The scenes from the March on Washington and Dr. Martin Luther King Jr.'s “I Have a Dream” speech are embedded in the pages of history as photos and video capture the emotion and gravity of the event.
Although their lives were fictional, their accounts portrayed a very real experience with facts about King's life, quotes from his speech and impressions that came from the students.
Ms. Mooney said she wanted the students to consider how they, the person behind the persona, were affected in their thoughts, actions or service by experiencing that day through their character.
“My intent is that we join in making the 'dream' of equality a reality in our own treatment of others — today as well as tomorrow,” Ms. Mooney wrote in an email. “In the words of Dr. King, 'When the architects of our republic wrote the magnificent words of the Constitution and the Declaration of Independence, they were signing a promissory note to which every American was to fall heir ... a promise that all ... would be guaranteed the unalienable rights of life, liberty and the pursuit of happiness.'”
“To achieve this, I want students to understand the diversity of individuals affected by Dr. King's speech and how his words transformed or impacted each of them,” she wrote. “At the heart of all significant social change is the change in the heart of the human person.”
The students said the experience taught them not only about King's life, but about how they can make change in their world.
Hayden Reynolds, 14, played the part of a 20-year-old African-American alligator wrestler from Louisiana named Waylon Jones. The character was in Washington for an alligator fair and decided to go to King's speech while he was there.
“A lot of people tell (me) I have a pretty active imagination so it was pretty easy for me to come up with a story line,” said Hayden, who wore a straw hat and leather jacket and held an alligator skull while giving his speech to the class.
“That just spoke out to me,” he said. “You have to work hard to be able to get things you deserve like they worked hard for equal rights.”
Chloe Woods, 14, played a New York City photographer Tannis Breure, who was assigned to photograph King's speech in Washington.
“I really like photography so I thought I could show that through my character,” she said.
Through this first-person account, Chloe said she learned that King was a very determined person and did a lot to change people's perspective and the world.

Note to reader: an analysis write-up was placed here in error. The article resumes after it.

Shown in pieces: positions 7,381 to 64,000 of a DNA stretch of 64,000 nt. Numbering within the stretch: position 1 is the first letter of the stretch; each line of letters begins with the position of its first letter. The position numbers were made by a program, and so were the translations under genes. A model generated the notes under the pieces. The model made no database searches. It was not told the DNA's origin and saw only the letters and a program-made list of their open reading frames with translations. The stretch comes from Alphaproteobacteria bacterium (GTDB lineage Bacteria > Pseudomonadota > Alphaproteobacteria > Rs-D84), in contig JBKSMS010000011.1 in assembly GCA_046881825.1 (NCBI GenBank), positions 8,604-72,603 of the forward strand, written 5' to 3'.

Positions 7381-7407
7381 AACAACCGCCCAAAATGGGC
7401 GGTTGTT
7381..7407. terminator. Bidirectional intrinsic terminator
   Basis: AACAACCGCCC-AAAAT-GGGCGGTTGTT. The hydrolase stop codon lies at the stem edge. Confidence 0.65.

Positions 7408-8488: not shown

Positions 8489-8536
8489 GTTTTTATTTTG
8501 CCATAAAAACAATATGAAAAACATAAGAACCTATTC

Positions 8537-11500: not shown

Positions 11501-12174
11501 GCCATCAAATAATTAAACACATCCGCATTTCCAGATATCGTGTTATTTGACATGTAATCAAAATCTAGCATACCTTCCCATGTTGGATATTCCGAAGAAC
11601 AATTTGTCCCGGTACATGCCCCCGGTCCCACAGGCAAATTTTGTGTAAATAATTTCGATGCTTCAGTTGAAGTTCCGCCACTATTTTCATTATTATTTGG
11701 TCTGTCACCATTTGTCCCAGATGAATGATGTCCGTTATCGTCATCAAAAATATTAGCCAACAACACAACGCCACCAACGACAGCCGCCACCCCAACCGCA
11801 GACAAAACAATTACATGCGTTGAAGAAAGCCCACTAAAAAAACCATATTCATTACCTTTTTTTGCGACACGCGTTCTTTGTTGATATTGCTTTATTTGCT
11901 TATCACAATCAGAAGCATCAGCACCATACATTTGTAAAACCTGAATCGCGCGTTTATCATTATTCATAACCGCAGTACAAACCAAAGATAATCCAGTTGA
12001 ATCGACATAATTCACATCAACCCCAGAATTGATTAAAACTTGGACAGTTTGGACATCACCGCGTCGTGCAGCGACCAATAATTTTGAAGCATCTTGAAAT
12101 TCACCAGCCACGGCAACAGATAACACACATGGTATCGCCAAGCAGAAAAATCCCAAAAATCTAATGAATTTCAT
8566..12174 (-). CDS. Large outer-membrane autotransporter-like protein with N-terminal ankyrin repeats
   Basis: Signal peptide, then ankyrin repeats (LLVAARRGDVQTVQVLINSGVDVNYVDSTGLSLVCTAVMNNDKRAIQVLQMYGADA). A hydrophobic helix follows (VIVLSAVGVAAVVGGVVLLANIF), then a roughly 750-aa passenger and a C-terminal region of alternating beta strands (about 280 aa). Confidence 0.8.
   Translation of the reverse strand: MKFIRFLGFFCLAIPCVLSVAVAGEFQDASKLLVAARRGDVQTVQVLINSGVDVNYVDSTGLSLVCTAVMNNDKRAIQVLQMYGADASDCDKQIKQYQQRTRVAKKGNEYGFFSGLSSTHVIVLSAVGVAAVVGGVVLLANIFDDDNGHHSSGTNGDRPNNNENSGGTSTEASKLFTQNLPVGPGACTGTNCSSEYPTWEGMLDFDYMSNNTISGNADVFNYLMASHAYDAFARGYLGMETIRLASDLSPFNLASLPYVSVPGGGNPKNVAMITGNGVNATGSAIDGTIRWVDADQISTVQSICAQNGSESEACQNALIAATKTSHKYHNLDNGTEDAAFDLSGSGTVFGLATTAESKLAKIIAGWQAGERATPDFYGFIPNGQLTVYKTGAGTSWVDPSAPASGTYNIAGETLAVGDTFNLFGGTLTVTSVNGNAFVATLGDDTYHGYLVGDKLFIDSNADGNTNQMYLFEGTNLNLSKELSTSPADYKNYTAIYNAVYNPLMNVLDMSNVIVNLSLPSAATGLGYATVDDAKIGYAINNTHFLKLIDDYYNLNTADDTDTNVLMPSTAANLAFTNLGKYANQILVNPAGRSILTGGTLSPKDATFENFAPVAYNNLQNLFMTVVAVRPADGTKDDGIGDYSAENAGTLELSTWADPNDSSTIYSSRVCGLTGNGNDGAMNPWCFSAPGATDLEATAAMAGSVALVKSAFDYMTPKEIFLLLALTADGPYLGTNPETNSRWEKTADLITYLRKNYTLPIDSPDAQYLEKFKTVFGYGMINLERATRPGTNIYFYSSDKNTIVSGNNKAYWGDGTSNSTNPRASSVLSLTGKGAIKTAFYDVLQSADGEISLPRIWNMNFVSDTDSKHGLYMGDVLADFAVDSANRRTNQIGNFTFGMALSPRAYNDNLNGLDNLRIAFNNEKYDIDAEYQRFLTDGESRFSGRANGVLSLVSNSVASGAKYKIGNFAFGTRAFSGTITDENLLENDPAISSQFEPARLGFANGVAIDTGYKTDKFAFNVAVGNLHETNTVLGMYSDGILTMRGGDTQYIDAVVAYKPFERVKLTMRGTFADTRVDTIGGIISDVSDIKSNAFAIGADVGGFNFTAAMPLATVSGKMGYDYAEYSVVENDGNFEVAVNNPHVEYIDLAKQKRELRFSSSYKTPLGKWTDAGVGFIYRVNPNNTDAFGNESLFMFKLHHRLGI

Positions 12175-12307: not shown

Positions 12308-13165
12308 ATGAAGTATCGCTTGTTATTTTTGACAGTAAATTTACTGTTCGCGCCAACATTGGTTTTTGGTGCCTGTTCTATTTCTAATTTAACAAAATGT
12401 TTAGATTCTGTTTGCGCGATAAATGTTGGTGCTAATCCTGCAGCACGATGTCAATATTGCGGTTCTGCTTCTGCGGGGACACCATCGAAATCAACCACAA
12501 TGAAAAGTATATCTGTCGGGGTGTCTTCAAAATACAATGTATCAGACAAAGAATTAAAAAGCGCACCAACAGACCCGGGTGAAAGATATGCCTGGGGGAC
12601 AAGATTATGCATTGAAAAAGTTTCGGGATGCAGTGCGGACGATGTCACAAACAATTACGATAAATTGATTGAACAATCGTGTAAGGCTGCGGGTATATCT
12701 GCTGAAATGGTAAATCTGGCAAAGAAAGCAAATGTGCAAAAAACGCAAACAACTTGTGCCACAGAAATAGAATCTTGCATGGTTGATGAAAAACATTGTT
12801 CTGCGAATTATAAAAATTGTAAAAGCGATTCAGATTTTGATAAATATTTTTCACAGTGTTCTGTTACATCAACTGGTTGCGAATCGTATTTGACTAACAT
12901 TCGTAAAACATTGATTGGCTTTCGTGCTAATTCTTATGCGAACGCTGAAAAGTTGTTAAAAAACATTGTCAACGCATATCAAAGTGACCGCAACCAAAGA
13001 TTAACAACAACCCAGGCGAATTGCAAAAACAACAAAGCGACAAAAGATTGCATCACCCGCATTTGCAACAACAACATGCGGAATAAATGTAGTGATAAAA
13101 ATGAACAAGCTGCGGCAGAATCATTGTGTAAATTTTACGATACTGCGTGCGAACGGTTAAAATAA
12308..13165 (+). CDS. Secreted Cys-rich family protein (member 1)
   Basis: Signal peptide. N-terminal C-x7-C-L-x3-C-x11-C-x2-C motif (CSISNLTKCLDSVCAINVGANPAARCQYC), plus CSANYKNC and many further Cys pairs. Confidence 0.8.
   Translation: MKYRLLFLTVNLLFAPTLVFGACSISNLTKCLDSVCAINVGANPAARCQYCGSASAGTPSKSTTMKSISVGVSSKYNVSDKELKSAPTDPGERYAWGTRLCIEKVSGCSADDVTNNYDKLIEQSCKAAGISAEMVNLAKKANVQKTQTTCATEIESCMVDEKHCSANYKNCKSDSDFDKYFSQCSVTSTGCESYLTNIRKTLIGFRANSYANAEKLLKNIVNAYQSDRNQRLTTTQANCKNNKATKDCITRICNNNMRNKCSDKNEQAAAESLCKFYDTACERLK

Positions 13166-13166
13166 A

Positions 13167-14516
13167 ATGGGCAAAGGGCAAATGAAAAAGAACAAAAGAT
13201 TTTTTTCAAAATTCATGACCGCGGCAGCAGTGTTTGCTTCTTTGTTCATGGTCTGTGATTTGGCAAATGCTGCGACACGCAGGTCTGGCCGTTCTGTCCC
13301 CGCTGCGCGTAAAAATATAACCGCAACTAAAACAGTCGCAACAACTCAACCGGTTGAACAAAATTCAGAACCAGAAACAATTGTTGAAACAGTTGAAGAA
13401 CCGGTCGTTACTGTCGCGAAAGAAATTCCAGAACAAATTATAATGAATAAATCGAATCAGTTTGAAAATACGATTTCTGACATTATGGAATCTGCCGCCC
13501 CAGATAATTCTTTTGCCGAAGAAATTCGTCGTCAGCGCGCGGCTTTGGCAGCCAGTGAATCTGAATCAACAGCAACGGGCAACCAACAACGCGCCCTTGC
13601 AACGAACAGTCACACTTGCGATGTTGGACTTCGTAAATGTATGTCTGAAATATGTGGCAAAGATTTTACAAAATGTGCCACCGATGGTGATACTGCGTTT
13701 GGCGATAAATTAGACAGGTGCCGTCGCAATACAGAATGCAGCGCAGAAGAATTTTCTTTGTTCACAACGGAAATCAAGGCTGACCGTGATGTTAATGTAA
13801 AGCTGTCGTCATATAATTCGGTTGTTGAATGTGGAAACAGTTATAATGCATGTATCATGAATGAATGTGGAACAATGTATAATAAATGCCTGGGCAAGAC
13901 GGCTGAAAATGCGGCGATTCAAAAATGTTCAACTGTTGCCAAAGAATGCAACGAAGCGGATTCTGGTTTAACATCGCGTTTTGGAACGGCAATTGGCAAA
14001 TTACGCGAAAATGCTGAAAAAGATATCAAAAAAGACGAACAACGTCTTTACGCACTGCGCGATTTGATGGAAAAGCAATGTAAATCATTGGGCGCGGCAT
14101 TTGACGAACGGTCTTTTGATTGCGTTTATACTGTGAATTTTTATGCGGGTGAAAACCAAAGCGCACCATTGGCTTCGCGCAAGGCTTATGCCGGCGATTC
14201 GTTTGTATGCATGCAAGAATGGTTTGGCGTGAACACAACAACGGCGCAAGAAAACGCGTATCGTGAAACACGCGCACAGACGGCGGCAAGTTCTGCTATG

“I learned that I should stand up for what I believe and stand up for my faith and if I do that people will probably remember me just like Martin Luther King Jr. because he stood up for what he believed and he preached it and many people remember him,” she said.
The students could use props to help make their account more realistic.
Sean Goggans, 14, played a Spanish exchange student named Antonio Martins, who was in Washington, D.C., studying. He wore a sombrero, held an American flag and spoke with a Spanish accent to make his portrayal believable.
Reed Navara, 13, acting as Washington, D.C., police officer Tom Raleigh, used a stuffed lion to represent a police dog and wore a shirt with a badge drawn on it for his uniform.
He said he created his character's story by compiling things he learned from movies, books and his own life experience.
“I thought it would be harder than what it was,” he said of the project. “It ended up being easy. I got into a state of mind where I just thought of idea after idea, of what to do.”
Ms. Mooney said she was humbled by the student's grasp of the concept of being “inextricably bound” to each other, something King described in his speech. She saw this demonstrated through their accounts and the way they joined King's words with their own.
She said they studied King's speech and the way he used certain words that conveyed unity.
“Unless we collectively and individually work to ensure equal rights for all, those born and those yet to be born, the magnificent words are only that — 'magnificent words,'” she wrote. “This is what I want my beloved students to understand, that how 'I' treat the vulnerable, the 'least of my brethren,' that is the test that truly counts.”